Faro is a wonderful game that, after dominating the world of wagering games for over a century, has sadly all but disappeared. My understanding is that cheating by dealers and use of gaffed (rigged) equipment had become so common that nobody was willing to put down money on it anymore. The last few faro tables in Las Vegas disappeared in the 1980s.
A layout is used, with one of each card from a single suit (generally spades) glued to it or otherwise represented on it, as in the photo at right. One card is dealt to the player and one to the banker, as in baccarat, except that it’s only one card each. Bets placed on or near the card dealt to the player win; bets placed on or near the card dealt to the banker lose, unless they have been “coppered” by having a small (usually) copper token placed on top of them, making them essentially bets for the banker, in which case they also win.
Card counting is built into the game, and takes the form of an abacus-like device called a case keeper (also seen in the photo), which is used to identify which cards have already been dealt out of the single deck used for the game. (Incidentally, if this idea is particularly appealing to you, allow me to strongly recommend using that silly scorecard that they provide in baccarat to keep track of which cards have been dealt out of the shoe. Although, of course, this gets you only halfway there — you would then need to determine a way to utilize that information in a game where a hand consists of two to three cards and nobody can bust and face cards mean nothing.)
If the dealer drew two cards of the same rank (a “doublet”), he took half the stake placed on or near that card on the layout. This was the game’s only source of house edge, another reason for casinos phasing it out. I saw an article where a casino executive said that he could make more money by having any other game occupying the space taken up by a faro table.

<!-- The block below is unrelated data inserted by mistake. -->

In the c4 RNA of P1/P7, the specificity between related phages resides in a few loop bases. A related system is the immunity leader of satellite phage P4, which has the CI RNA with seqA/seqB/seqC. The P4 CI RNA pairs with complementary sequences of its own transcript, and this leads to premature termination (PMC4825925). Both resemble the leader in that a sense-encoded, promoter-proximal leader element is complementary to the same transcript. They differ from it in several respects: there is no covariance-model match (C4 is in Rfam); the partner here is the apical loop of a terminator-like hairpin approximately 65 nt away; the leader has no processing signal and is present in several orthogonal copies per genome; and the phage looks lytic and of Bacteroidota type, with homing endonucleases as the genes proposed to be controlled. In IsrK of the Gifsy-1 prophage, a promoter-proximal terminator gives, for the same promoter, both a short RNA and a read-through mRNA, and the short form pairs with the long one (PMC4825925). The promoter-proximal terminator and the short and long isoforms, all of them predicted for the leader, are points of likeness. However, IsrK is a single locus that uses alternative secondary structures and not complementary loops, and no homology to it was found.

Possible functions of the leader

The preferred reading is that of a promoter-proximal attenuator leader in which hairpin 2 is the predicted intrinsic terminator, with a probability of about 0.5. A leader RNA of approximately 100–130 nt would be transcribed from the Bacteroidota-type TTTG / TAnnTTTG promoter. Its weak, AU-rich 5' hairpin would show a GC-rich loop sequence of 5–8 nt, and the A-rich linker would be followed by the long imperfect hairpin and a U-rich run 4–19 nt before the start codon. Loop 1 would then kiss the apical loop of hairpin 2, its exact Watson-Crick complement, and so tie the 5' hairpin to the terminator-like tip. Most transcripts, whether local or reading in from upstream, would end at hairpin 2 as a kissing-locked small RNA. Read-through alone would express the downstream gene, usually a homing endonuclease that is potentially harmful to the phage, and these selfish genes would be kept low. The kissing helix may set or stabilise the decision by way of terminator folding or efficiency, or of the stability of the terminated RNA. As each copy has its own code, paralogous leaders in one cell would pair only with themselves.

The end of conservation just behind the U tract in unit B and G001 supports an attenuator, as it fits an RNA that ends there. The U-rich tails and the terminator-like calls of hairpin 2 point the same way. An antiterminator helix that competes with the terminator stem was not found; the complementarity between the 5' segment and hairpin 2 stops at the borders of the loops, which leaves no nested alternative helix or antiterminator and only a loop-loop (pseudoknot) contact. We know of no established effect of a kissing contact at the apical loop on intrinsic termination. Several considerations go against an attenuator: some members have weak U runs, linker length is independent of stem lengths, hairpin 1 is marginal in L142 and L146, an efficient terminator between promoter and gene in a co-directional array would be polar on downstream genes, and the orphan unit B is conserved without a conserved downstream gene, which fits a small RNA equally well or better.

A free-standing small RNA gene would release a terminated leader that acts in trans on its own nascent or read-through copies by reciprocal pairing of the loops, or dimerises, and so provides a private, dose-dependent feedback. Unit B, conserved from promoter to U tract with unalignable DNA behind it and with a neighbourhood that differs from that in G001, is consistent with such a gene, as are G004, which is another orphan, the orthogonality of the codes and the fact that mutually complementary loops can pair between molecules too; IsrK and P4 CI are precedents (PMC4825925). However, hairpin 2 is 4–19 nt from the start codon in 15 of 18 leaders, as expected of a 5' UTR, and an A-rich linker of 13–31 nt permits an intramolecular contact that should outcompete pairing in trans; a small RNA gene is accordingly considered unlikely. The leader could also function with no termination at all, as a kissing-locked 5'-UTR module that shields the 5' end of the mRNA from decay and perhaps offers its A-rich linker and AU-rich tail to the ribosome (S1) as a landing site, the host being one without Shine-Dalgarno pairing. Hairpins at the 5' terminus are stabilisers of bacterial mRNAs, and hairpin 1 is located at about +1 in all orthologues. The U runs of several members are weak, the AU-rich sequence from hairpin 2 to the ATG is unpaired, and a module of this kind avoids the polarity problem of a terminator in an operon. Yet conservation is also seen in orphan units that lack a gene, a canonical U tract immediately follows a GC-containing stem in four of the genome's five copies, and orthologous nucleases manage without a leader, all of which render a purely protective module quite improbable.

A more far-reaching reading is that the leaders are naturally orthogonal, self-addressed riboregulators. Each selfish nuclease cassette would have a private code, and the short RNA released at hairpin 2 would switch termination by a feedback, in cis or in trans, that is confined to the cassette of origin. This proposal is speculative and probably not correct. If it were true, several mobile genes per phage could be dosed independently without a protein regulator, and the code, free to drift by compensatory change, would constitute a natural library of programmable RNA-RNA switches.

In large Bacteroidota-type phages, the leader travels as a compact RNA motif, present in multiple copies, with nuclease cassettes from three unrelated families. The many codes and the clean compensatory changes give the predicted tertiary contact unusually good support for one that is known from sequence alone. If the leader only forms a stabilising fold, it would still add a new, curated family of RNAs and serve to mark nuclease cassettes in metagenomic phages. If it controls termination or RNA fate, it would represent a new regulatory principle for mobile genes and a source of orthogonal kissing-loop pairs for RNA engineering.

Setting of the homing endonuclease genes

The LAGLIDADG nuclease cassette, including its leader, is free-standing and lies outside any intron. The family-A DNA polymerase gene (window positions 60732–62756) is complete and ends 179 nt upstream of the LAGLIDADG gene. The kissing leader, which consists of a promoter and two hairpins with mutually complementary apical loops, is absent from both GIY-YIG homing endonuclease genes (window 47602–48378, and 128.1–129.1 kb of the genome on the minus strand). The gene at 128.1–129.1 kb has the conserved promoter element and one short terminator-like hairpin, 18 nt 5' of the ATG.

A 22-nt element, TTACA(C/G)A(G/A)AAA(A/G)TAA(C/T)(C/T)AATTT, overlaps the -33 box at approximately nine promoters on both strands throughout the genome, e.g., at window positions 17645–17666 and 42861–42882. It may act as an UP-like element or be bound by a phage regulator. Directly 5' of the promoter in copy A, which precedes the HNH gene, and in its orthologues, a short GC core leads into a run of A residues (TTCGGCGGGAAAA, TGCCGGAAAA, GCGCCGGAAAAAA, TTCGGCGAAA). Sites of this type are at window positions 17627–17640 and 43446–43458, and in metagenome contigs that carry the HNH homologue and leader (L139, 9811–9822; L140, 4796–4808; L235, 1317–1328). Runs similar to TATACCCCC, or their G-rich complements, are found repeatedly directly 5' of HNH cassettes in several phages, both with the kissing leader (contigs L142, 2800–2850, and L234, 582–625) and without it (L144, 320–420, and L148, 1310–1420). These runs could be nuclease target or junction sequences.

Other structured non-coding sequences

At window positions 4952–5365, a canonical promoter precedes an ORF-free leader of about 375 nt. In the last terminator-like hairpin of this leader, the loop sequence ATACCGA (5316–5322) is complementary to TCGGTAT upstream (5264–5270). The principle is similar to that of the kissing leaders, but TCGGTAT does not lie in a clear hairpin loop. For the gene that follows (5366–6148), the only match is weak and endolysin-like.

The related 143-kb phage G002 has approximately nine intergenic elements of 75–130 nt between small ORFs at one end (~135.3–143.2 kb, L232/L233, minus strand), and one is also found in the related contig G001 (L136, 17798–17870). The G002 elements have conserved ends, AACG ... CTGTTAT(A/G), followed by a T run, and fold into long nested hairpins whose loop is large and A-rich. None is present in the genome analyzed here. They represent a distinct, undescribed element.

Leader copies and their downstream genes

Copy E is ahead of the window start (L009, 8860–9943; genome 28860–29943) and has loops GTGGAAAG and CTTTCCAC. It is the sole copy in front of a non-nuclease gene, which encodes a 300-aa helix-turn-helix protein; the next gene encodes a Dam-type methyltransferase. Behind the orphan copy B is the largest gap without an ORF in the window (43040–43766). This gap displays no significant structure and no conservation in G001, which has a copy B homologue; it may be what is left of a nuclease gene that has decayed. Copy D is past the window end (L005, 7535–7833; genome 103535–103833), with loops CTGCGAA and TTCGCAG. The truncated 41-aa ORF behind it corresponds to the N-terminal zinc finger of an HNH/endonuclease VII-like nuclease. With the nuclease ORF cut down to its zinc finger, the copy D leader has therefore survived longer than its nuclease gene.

For lack of “real”, live faro games available, I’ve tried a few different electronic faro games recently. I got Reel Deal’s Gold Rush casino game only because it included faro. Its faro game wasn’t bad, although the case keeper being built into the layout was kind of strange. Everybody gets their own single color for their chips, like in roulette. The human player always gets purple (other colors are played by bots). Bets can be coppered and all of the essentials of the game are there. This is more than I can say for either their baccarat or dragon bonus baccarat games, which will only allow you to bet on the player or banker or tie, never player or banker and tie — in the Reel Deal version of baccarat, you can only place one bet on the layout at a time, so forget about using the tie bet as a hedge.
I do really really like the stats provided in the lower left-hand corner by Reel Deal, showing number of games played, won, and lost, amounts of money wagered, won, and lost, and percentage return on bets. I really wish that the superior Hoyle casino games included this feature. It would be so much more useful than the box Hoyle provides in that space, which tells you when the bots are thinking. Seriously. That’s all it does.
I discovered a free flash faro game that I like a lot better than Reel Deal’s. It’s called Wichita Faro, and includes an optional tutorial for those unfamiliar with the game. I like the graphics much better than Reel Deal’s, and the case keeper especially looks cool. So this one gets my vote as far as electronic faro games are concerned. Although, I’ve also discovered, but haven’t tried, Arizona Faro, which is a free download that, again, I haven’t tried, and therefore can’t vouch for. From the screenshots, I’d say that Wichita Faro is still probably your best bet. You can play Wichita Faro for free here.
Remarkably, Wichita Faro even manages to outdo Reel Deal on the Old West theme, which is what Reel Deal was going for in Gold Rush. (I especially liked the antique cards.) The dealer’s voice is funny and not used frequently enough to be annoying. I really like the game and, until someone can point me at a live faro bank, it’s the faro game that I recommend.